We are counting down on our fingers now the remaining days of school as required by the state of South Carolina. We finished our textbooks (every last page of them) last week, so we have been doing lessons on various topics that might otherwise not be covered. Rather than take a day of vacation on Memorial Day and delay the end of school a little more into the summer, we focused on topics that were appropriate to the holiday. One of the most poignant exercises of the day was making a bar graph depicting the number of American casualties in the major wars we have fought. In comparison to all the others, the Civil War exploded right off our graph paper and required us to tape on a few more inches (a whopping 625,000 casualties as compared to its closest competitor, WWII at about 405,000).

Along the subject of wars and the men who fought them, this is a great blog post from one of my favorite bloggers, Anne. Anne is a friend from long ago, who has wisely raised a brood of children and whose words can be trusted. One of the reasons I trust her is that she doesn’t blog too frequently. Whenever a mother with children still in the home has time to educate the rest of the world via a steady stream of blogging activity, I question how much of her own words she is actually taking the time to put into practice. Not so with Anne. While I would dearly love to read multiple blog posts from her every day, I am happy to know that she is too busy being the keeper of her own home. I hope you enjoy her post, especially if you have sons.


Shout and sing joyfully today…

Psalm 100

A Psalm for Thanksgiving. 

1 Shout joyfully to the LORD, all the earth.

Serve the LORD with gladness; come before Him with joyful singing.

Know that the LORD Himself is God; it is He who has made us, and not we ourselves; we are His people and the sheep of His pasture.

4 Enter His gates with thanksgiving and His courts with praise. Give thanks to Him, bless His name.

5 For the LORD is good; His lovingkindness is everlasting and His faithfulness to all generations.

I'm thankful for the fam…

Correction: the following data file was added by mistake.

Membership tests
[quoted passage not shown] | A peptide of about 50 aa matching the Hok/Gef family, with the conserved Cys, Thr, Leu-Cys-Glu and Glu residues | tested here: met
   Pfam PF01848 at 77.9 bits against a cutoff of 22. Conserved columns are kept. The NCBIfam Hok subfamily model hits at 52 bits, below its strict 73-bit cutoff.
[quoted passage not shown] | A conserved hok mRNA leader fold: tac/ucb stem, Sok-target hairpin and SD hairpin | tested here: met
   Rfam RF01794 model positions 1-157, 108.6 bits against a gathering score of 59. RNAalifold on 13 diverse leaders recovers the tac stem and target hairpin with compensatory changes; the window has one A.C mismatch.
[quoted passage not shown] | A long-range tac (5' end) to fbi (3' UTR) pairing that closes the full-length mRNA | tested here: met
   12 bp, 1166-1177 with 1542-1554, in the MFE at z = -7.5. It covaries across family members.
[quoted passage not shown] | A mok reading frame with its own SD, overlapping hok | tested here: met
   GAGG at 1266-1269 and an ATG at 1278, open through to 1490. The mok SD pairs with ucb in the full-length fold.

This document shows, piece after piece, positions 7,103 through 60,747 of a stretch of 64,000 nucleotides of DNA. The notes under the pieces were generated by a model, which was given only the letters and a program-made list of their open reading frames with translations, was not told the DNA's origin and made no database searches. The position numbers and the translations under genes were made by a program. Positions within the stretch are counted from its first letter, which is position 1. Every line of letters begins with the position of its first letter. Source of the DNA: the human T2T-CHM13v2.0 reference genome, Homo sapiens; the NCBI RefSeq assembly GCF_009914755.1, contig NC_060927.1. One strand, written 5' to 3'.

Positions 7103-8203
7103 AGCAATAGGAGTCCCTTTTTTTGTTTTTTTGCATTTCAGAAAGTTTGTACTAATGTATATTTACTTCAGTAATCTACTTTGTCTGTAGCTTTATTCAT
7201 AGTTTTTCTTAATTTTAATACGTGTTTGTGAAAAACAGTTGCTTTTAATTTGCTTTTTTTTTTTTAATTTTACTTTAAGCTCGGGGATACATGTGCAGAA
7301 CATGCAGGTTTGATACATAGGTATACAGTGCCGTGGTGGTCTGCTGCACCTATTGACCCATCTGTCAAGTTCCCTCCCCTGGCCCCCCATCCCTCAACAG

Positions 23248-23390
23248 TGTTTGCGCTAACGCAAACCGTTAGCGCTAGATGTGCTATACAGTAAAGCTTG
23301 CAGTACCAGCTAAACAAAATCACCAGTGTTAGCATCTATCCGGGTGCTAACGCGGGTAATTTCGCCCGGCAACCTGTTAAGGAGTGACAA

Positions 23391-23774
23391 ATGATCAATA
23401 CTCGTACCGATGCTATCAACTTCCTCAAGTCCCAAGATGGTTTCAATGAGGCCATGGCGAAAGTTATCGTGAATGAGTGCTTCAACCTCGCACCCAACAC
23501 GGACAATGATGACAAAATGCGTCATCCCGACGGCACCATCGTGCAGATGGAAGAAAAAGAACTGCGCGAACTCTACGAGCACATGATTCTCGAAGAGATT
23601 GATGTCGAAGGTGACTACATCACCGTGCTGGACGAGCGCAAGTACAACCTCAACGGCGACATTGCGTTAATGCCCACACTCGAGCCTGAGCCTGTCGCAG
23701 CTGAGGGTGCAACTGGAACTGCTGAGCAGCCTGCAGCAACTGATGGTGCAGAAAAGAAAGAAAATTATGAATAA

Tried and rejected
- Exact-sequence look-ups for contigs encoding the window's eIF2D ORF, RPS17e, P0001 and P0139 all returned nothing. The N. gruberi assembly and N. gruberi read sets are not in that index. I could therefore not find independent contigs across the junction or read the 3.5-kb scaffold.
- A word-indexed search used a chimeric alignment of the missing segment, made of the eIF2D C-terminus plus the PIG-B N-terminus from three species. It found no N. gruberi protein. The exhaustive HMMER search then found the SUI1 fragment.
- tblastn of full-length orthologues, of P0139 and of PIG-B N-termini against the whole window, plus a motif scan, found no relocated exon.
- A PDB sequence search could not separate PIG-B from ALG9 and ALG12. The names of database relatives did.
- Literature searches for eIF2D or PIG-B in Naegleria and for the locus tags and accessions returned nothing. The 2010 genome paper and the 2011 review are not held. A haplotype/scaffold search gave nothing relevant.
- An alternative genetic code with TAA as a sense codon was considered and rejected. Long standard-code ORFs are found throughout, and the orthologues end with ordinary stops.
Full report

Delivered after we enjoyed our rosemary, apricot, cranberry, garlic stuffed pork loin (I know, I know…it’s un-American not to eat Turkey…but Pig be better), buttery mashed potatoes, cranberry relish, dutch apple pie, and pumpkin pie:

I give thanks to God for Maggie and that He made her excited about the “meow,” loud enough to be heard above the other four, and capable of many facial expressions (but few words).

I give thanks to God for Esther and that He made her indefatigable in her optimism, sweet as pumpkin pie, and strong as a 2 x 4.

I give thanks to God for Thomas and that He gave him a wonderful ability to memorize His Word, a strange sense of humor, and an astonishing ability to concentrate (when challenged to).

I give thanks to God for Ezekiel and that He made him a boy who has all the potential to be a godly man who will take the kingdom by violence, who loves to be involved, and who likes to work.

I give thanks to God for Anna and that He made her a young woman who starts every day in His Word, who is industrious and imaginative, and who will one day be a blessing to her husband.

I give thanks to God for my dearest love, Sarah, and that He made her to love me well, who is unceasing in her work for me, her children, and the church, who is patient with my demands, and who lives for the world to come.

God’s blessings are rich and deep and wide.

Psalm 100

A Psalm for Thanksgiving.

(1) Shout joyfully to the LORD, all the earth.

(2) Serve the LORD with gladness; Come before Him with joyful singing.

(3) Know that the LORD Himself is God; It is He who has made us, and not we ourselves; We are His people and the sheep of His pasture.

(4) Enter His gates with thanksgiving And His courts with praise. Give thanks to Him, bless His name.

(5) For the LORD is good; His lovingkindness is everlasting And His faithfulness to all generations.

Abraham Lincoln's 1863 Thanksgiving Proclamation

October 3, 1863

The year that is drawing toward its close has been filled with the blessings of fruitful years and healthful skies. To these bounties, which are so constantly enjoyed that we are prone to forget the Source from which they come, others have been added which are of so extraordinary a nature that they can not fail to penetrate and soften even the heart which is habitually insensible to the ever-watchful providence of Almighty God.

In the midst of a civil war of unequaled magnitude and severity, which has sometimes seemed to foreign states to invite and to provoke their aggression, peace has been preserved with all nations, order has been maintained, the laws have been respected and obeyed, and harmony has prevailed everywhere, except in the theater of military conflict, while that theater has been greatly contracted by the advancing armies and navies of the Union.

Needful diversions of wealth and of strength from the field of peaceful industry to the national defense have not arrested the plow, the shuttle, or the ship; the ax has enlarged the borders of our settlements, and the mines, as well of iron and coal as of the precious metals, have yielded even more abundantly than theretofore. Population has steadily increased notwithstanding the waste that has been made in the camp, the siege, and the battlefield, and the country, rejoicing in the consciousness of augmented strength and vigor, is permitted to expect continuance of years with large increase of freedom.

No human counsel hath devised nor hath any mortal hand worked out these great things. They are the gracious gifts of the Most High God, who, while dealing with us in anger for our sins, hath nevertheless remembered mercy.